|Chapter 1:||Introduction: Prelude to Emigration|
Prelude to Emigration
ITALIAN unity was little more than a dream in the days of Dante, Petrarch, and Boccaccio. Following the fall of the Roman Empire, the Italians had come under the influence of a succession of invading hordes who were determined to dominate the peninsula and Sicily. By the eleventh century, however, the emergence of the Italian communes stirred a national consciousness, particularly in cultural and economic matters. Still, during the Renaissance period political unification remained elusive. The trade rivalry between Venice and Genoa was typical of the intense competition that marked the growth and development of town and city life as the Middle Ages gave way to the Renaissance, which in turn was spearheaded by Florentines, Genoese, Venetians, and inhabitants of numerous other northern Italian communes.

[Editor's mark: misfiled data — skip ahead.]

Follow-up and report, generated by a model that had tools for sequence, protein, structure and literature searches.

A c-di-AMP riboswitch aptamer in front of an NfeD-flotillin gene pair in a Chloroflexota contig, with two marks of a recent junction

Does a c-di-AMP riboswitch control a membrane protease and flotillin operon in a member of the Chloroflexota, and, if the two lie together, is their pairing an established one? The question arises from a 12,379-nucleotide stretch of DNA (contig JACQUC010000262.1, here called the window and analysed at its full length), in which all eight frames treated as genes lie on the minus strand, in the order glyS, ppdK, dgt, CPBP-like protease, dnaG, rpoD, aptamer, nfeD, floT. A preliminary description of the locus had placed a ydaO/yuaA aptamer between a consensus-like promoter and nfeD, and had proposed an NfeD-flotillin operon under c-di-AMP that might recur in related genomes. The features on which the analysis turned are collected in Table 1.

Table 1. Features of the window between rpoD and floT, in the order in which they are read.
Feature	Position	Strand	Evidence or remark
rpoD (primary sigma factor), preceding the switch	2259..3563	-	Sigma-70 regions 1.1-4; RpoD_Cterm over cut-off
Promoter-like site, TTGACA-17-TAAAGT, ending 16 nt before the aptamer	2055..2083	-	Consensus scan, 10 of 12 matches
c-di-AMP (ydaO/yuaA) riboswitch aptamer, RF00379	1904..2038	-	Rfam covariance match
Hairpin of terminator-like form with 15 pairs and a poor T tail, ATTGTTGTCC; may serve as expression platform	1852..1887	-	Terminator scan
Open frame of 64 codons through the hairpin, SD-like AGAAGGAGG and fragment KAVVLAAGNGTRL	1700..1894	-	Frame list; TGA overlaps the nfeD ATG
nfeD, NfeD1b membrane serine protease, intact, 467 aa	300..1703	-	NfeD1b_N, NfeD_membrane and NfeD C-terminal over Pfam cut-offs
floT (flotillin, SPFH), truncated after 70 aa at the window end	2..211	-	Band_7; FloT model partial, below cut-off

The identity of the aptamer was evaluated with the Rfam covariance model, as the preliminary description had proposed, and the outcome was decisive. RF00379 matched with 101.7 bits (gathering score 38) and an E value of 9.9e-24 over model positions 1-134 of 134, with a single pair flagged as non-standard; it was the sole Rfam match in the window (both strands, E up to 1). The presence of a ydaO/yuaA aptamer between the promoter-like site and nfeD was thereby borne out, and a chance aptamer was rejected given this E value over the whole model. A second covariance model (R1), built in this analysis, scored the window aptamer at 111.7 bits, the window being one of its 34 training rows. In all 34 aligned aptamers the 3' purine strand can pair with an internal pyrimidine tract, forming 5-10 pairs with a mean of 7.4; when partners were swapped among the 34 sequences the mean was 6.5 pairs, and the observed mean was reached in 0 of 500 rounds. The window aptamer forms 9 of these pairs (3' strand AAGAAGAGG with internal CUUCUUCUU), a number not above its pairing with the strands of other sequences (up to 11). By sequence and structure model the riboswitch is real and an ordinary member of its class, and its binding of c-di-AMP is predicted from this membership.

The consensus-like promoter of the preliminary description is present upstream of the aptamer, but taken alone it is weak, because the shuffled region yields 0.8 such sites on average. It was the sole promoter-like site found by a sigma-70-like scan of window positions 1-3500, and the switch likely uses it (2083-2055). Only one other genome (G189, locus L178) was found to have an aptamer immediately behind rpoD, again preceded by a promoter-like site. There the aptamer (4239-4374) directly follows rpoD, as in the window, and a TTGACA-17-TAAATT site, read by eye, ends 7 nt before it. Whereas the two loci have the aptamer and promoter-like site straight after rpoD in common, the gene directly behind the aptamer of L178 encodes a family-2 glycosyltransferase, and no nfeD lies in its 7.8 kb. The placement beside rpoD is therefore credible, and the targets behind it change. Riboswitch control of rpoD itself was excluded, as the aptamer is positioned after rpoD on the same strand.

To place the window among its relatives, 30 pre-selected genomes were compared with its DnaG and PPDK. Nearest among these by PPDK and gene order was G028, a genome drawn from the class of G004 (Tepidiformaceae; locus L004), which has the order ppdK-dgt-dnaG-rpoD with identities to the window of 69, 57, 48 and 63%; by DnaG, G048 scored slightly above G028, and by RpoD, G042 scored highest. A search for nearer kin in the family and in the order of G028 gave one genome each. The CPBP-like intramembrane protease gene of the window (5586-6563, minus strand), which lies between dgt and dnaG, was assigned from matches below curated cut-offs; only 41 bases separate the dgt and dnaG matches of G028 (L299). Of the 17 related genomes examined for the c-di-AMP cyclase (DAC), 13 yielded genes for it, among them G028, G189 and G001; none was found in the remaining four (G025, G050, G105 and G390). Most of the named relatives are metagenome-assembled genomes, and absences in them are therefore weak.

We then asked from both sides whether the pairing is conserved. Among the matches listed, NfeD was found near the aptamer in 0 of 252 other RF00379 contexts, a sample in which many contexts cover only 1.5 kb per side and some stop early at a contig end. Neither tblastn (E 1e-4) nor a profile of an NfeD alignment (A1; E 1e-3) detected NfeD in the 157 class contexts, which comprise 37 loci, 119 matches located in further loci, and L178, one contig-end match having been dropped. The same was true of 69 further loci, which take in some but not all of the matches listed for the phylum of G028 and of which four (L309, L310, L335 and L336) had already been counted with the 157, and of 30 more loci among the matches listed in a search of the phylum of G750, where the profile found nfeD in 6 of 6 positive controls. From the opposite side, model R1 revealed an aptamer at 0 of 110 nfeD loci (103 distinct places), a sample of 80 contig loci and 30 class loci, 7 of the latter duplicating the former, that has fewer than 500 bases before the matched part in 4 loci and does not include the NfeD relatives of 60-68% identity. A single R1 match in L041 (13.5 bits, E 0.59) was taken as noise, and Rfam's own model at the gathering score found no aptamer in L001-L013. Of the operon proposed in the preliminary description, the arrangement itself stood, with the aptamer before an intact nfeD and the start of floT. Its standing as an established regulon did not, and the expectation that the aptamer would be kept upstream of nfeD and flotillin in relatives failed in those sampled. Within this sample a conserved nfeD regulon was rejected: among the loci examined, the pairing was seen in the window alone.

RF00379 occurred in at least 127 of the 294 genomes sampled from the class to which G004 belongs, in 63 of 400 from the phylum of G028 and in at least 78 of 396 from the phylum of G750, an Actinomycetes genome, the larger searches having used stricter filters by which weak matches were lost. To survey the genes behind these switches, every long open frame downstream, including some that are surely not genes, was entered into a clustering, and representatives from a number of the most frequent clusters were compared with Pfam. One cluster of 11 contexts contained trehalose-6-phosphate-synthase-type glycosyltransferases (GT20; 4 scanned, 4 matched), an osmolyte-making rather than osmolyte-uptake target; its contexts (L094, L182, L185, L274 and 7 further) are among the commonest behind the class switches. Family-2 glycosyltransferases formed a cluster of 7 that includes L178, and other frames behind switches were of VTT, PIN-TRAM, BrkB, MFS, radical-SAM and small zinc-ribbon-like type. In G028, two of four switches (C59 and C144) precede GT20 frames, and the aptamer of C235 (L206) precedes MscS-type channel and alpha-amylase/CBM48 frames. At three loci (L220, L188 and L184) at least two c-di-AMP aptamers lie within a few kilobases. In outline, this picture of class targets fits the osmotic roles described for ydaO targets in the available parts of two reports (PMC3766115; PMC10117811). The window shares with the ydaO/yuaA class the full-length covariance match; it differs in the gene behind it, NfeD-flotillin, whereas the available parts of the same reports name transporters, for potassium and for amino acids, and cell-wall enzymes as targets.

Political provincialism was the unfortunate obstacle to the unity that was needed to allow these neighboring city states to continue to exist free from the enervating forces of foreign invasion. Indeed, as the cultural and economic accomplishments of the Quattrocento (the 1400s) were beginning to flower, Charles VIII of France initiated a new age of foreign intrusion into the peninsula which set back the cause of Italian unification another four hundred years. Before the invading French, Spanish, and Austrians subjugated Italy, the Italians brought forth great achievements in science, art, literature, music, and navigation. A new Italy did not emerge, for the Italians were politically divided. But Italian Argonauts such as Christopher Columbus, John Cabot, and Giovanni da Verrazzano were significant in establishing New Spain, New England, and New France respectively. And it is fitting that the New World was named America